Military Planners, in Nod to Obama, Are Preparing for a Faster Iraq Withdrawal

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The New York Times

Military Planners, in Nod to Obama, Are Preparing for a Faster Iraq Withdrawal

Elisabeth Bumiller and Thom Shanker

US soldiers gather at their base near Baquba, 2006. The broad outlines of the military plan for Iraq presented to Mr. Obama in December envisioned withdrawing two brigades, or some 7,000 to 8,000 troops, over the next six months, officials said. (AFP/File/David Furst)

WASHINGTON - Military commanders are drawing up plans for a faster withdrawal of American troops from Iraq in anticipation that President-elect Barack Obama will reject current proposals as too slow, Pentagon and military officials said Wednesday.

The new plans would provide alternatives to a timetable drawn up by the top American commanders for Iraq to bring troops home more slowly than Mr. Obama promised during his presidential campaign. Those plans were described to Mr. Obama last month.

The officials said that Mr. Obama had not requested the new plans, but that they were being prepared in response to public statements from the president-elect and on the basis of conversations between military officials and members of Mr. Obama's transition team.

Mr. Obama met last week in Washington with his national security team, including Robert M. Gates, the defense secretary, and Adm. Mike Mullen, the chairman of the Joint Chiefs of Staff.

A drawdown in Iraq is seen as a prerequisite to any significant American military buildup in Afghanistan, where Mr. Obama is ready to add up to 30,000 troops over the next two years, a near doubling of the current American force there of about 31,000.

The broad outlines of the military plan for Iraq presented to Mr. Obama in December envisioned withdrawing two brigades, or some 7,000 to 8,000 troops, over the next six months, officials said.

American military officials have declined to be more specific about other details in that plan, by Gen. David H. Petraeus and Gen. Ray Odierno, the top American commanders responsible for Iraq. But they have made clear that the plan does not set forth as fast a withdrawal as Mr. Obama pledged during the presidential campaign, when he repeatedly promised to have all combat troops out of Iraq within 16 months of his taking office, or by May 2010.

Officials with Mr. Obama's transition team say he remains committed to that goal, although he has also said he will listen to the recommendations of his commanders. In an interview on Wednesday, Joseph R. Biden Jr., the vice president-elect, said he was "not prepared to talk about" new troop-level options.

Brooke Anderson, the national security spokeswoman for the Obama transition team, said, "We have had briefings from the Bush administration, including Secretary Gates and Admiral Mullen, about current plans for Iraq and Afghanistan, and we appreciate the information that has been shared." Ms. Anderson said that as president Mr. Obama would meet with his commanders "to make a determination to how we move forward to safely redeploy our combat brigades in 16 months."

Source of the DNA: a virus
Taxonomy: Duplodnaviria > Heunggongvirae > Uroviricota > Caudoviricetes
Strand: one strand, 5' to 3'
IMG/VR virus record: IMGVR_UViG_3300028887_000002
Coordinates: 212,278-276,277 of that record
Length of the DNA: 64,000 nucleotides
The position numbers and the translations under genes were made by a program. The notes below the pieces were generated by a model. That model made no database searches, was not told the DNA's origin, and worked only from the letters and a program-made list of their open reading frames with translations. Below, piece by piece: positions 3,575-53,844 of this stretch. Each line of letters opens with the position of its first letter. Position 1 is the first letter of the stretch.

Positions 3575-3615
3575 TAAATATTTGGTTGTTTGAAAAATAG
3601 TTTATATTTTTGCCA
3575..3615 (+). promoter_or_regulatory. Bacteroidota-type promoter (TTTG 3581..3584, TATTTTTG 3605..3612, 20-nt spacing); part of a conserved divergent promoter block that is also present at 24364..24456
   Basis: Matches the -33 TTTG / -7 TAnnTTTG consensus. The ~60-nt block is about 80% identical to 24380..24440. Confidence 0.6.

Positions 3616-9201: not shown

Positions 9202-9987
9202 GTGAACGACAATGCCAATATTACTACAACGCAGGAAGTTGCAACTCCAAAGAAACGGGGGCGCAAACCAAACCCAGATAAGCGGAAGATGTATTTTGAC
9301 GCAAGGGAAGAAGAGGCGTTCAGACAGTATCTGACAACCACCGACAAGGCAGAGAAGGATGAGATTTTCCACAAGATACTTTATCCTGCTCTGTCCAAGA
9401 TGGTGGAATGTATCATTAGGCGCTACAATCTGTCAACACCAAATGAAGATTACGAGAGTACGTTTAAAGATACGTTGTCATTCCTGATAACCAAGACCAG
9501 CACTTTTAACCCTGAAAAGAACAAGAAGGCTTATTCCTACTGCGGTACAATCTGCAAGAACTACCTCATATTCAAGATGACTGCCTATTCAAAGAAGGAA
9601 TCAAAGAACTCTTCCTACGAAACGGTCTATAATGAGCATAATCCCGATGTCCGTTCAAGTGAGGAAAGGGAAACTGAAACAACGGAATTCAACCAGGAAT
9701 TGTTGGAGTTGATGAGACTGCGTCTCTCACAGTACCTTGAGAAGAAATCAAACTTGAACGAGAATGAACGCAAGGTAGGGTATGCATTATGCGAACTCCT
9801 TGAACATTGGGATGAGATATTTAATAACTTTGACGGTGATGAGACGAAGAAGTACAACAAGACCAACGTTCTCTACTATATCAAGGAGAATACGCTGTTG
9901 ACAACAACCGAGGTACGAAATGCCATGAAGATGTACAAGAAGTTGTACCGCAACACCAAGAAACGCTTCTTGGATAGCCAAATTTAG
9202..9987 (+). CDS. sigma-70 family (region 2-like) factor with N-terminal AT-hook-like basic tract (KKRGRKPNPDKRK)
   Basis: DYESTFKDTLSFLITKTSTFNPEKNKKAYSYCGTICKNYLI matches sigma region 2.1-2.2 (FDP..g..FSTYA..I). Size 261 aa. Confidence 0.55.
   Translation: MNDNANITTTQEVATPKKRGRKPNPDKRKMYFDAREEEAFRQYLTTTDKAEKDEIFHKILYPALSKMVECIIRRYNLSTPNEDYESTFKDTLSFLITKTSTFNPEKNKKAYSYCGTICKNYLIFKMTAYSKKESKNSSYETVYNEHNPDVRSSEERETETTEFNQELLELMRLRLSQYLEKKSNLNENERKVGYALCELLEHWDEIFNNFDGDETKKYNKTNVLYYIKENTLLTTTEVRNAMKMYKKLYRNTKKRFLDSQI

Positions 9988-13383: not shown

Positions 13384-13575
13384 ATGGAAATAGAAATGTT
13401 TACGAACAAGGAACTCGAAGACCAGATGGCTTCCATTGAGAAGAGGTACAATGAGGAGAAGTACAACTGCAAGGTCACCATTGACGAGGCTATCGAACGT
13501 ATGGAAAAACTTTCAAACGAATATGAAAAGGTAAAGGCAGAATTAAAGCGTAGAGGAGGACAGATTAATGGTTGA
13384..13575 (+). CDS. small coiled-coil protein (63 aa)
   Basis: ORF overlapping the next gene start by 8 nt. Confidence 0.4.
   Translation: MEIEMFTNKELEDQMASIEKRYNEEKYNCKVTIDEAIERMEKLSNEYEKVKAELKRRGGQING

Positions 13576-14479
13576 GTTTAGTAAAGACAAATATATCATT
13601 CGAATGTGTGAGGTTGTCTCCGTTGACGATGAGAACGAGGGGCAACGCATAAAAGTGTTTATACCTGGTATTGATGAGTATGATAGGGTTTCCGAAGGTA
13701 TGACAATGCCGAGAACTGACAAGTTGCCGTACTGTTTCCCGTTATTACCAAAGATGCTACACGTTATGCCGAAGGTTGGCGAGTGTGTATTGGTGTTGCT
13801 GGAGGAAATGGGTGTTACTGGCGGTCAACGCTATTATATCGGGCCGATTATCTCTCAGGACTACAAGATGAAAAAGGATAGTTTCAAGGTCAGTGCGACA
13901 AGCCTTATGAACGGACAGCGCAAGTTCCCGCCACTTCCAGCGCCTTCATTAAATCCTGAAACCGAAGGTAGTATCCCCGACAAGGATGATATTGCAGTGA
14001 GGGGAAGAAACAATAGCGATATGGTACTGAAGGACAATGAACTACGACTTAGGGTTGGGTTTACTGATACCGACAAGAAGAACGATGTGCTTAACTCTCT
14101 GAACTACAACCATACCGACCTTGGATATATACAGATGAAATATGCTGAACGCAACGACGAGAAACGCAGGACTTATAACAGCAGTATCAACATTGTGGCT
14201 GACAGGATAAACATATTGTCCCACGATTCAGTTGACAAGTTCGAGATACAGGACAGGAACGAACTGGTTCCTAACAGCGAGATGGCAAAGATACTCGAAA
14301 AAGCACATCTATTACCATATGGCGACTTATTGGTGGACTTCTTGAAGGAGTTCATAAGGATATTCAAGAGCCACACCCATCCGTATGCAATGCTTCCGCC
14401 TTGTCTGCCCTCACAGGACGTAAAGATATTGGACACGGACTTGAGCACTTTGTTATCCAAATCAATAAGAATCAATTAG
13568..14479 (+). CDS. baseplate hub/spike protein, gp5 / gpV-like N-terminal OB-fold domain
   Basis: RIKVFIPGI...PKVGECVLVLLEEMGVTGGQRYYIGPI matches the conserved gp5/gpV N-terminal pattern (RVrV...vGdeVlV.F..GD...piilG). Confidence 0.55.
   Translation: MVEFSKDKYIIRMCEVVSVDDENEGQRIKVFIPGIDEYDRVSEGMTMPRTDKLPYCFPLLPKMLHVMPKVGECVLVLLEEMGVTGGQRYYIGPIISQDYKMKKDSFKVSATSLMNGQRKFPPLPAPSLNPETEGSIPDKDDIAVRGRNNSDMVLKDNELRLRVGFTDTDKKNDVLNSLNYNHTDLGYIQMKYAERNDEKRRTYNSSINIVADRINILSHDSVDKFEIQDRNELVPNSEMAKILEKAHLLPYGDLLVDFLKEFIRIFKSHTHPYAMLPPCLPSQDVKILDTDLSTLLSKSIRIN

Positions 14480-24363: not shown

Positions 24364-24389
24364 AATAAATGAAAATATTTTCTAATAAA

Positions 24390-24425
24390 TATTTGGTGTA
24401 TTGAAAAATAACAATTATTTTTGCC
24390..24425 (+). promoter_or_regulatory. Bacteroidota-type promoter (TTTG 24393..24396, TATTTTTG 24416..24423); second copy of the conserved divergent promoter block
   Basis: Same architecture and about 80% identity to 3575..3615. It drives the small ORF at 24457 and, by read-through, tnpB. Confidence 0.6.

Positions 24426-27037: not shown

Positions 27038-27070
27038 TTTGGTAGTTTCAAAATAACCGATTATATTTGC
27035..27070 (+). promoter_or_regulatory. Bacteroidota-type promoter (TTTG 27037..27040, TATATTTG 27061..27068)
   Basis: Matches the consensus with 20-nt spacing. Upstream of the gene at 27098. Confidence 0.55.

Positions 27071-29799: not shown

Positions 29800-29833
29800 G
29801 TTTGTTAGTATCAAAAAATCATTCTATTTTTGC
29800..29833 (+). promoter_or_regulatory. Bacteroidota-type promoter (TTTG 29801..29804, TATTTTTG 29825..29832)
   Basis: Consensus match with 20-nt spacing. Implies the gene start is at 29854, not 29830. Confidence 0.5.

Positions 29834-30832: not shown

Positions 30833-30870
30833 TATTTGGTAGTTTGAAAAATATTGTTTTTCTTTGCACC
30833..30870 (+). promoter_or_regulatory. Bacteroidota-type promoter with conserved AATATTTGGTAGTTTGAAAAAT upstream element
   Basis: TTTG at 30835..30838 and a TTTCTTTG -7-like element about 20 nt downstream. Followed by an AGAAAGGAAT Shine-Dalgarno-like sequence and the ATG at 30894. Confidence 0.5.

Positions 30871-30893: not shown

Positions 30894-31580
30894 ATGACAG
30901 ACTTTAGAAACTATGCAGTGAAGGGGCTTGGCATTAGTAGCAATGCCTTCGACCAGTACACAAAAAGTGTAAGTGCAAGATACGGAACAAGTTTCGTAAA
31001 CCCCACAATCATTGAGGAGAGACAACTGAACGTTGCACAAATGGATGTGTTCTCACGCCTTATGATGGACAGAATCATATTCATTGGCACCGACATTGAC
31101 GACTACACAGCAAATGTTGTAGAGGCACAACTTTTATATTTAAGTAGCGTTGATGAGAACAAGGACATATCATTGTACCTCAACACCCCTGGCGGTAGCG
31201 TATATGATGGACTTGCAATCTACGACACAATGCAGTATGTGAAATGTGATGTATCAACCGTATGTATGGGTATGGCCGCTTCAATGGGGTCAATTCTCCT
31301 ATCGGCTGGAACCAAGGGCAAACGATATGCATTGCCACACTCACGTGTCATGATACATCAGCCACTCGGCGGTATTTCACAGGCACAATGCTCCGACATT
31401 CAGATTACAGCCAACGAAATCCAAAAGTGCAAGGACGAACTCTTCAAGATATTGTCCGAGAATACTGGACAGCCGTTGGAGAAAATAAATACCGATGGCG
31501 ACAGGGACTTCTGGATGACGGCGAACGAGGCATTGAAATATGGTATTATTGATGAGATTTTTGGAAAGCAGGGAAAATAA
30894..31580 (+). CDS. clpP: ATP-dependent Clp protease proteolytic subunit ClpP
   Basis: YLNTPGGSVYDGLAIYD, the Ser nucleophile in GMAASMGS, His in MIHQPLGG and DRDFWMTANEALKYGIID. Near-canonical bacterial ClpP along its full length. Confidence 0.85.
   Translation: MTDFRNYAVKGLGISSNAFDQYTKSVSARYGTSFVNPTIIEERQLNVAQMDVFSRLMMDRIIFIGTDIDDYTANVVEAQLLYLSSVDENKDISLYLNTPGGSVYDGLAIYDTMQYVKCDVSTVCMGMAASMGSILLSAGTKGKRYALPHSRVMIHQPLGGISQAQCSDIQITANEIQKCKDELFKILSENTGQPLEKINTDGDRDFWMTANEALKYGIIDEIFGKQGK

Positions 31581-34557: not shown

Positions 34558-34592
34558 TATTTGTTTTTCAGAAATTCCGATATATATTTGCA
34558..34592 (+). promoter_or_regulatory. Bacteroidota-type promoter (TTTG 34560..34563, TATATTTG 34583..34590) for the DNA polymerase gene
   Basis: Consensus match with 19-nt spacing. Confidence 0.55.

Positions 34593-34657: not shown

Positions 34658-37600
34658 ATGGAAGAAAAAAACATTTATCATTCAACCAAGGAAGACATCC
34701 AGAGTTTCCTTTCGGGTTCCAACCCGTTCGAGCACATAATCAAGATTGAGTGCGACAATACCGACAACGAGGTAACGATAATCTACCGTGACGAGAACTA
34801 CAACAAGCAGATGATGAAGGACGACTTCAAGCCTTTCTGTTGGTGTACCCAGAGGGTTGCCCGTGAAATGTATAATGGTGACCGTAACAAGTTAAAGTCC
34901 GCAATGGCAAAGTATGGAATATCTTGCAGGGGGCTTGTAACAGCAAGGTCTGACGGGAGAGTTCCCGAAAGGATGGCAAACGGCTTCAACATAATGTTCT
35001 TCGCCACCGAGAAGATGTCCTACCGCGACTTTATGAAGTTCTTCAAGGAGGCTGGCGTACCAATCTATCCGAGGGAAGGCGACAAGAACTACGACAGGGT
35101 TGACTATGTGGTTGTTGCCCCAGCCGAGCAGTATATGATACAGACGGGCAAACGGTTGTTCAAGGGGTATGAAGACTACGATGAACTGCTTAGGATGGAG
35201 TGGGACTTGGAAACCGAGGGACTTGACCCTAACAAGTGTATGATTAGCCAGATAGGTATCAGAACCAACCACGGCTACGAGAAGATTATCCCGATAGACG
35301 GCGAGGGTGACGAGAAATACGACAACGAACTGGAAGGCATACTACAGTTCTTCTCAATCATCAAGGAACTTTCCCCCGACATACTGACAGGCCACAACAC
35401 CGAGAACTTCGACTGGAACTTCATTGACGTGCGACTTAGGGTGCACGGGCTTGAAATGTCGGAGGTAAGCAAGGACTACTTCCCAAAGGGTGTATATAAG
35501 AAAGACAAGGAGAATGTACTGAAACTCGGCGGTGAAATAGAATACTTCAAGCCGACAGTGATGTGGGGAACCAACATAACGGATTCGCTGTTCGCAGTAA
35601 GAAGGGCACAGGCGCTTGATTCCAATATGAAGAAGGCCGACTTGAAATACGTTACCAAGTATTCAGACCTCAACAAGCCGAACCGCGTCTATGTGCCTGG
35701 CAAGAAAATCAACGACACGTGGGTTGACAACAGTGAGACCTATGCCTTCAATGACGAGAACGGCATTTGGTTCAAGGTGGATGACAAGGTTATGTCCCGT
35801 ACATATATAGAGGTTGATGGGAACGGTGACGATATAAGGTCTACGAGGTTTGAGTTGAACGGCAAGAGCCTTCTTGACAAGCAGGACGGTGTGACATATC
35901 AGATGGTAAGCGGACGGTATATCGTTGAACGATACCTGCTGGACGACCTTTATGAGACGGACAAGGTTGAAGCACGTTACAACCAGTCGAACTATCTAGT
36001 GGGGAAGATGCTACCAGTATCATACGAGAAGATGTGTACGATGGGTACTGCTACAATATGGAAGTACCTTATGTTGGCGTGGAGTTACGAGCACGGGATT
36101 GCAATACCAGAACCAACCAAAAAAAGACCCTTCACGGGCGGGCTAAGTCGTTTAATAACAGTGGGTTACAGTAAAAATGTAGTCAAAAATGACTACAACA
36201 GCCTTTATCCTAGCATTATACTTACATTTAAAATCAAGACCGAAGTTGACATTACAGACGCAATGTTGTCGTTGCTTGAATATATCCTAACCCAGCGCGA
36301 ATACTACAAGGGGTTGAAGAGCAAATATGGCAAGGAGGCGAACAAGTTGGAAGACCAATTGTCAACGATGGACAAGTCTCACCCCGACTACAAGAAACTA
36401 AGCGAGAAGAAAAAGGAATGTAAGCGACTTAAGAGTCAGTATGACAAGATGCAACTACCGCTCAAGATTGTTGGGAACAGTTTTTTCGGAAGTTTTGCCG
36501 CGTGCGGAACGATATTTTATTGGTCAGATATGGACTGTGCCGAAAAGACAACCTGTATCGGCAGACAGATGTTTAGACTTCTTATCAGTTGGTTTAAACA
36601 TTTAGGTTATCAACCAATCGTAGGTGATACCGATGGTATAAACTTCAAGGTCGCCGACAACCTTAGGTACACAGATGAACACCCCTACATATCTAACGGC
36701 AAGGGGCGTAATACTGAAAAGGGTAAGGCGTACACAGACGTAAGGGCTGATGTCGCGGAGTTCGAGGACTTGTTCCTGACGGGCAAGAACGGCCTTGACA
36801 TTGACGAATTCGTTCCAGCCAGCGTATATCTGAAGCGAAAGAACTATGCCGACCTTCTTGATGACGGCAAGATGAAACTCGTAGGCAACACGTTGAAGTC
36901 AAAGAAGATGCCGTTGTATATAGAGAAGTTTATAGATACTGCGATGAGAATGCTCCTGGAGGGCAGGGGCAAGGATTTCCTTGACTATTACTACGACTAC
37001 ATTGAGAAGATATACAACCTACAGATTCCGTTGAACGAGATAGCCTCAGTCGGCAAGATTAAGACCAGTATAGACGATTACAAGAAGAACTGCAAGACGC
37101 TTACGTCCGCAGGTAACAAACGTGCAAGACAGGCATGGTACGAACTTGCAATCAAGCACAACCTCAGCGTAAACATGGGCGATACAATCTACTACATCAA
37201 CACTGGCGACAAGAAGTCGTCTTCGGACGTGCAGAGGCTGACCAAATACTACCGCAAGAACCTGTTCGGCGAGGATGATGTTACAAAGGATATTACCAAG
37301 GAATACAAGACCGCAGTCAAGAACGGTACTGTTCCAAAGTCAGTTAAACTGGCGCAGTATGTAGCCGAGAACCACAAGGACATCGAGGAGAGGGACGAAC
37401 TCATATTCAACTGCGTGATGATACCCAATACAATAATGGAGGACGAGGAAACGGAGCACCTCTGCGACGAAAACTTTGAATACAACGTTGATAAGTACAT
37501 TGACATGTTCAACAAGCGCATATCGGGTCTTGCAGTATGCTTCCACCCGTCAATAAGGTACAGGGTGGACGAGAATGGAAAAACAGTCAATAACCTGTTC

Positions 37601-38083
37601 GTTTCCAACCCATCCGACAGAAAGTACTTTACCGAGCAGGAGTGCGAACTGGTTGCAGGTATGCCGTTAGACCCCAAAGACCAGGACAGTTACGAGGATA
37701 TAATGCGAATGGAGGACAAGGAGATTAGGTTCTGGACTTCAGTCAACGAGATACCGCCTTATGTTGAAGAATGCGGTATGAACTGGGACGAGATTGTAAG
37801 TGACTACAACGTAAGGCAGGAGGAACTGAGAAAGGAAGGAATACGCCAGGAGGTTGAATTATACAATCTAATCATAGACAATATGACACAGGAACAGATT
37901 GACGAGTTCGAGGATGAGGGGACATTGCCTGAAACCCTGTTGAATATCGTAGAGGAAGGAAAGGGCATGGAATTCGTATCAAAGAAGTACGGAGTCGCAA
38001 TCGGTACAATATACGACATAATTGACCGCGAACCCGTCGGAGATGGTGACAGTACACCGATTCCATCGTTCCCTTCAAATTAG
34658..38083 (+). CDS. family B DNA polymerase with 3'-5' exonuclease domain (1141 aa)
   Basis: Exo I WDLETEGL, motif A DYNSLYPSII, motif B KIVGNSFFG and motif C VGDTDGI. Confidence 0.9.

Senior military officers say they have anticipated that Mr. Obama will seek speedier options for Iraq troop withdrawals. But they have also expressed uneasiness about a quick withdrawal from Iraq and are unclear at this point about Mr. Obama's overall strategy in Afghanistan.

"It is more than a question of how fast and how low; it includes calculating how much risk you are willing to take in Iraq," one senior military officer said of the discussions over a withdrawal.

The official, who asked not to be identified because of the delicacy of discussing war planning before the new commander in chief takes office, said the planning also required defining the future mission for American forces in Iraq and Afghanistan, and goals for where those missions should be in years to come.

"Various options are being drawn up to give the new president choices," said another senior military officer involved in the process.

Geoff Morrell, the Pentagon press secretary, said Mr. Gates intended to make sure that Mr. Obama, once he is commander in chief, gets to hear directly from all of the senior military officers with a stake in the Iraq and Afghanistan missions before making any decisions.

"The discussions the secretary and the chairman have had with the president-elect and his team have thus far been very broad," Mr. Morrell said. "They will not begin the process of presenting the president-elect with specific options for a way ahead in Iraq until after the inauguration."

The current military plan for Iraq was drawn up to meet the recent status-of-forces agreement between the United States and the Iraqi government that calls for both shorter and longer timetables than Mr. Obama's campaign promise. Under that agreement, all United States combat troops are to be out of Iraqi cities by June and all American forces are to be out of Iraq entirely by the end of 2011. That agreement, however, can be renegotiated.

Even as Mr. Obama prepares for the drawdown in Iraq, some influential Democrats and national security experts have begun voicing concern about his willingness to send up to 30,000 additional American troops to Afghanistan, where the United States has been at war for more than seven years. They say that Mr. Obama has yet to make clear his overall goals beyond calling for more forces, money and diplomacy in an increasingly violent, ungovernable country that the military says presents even more problems than Iraq.

Peter Baker contributed reporting.


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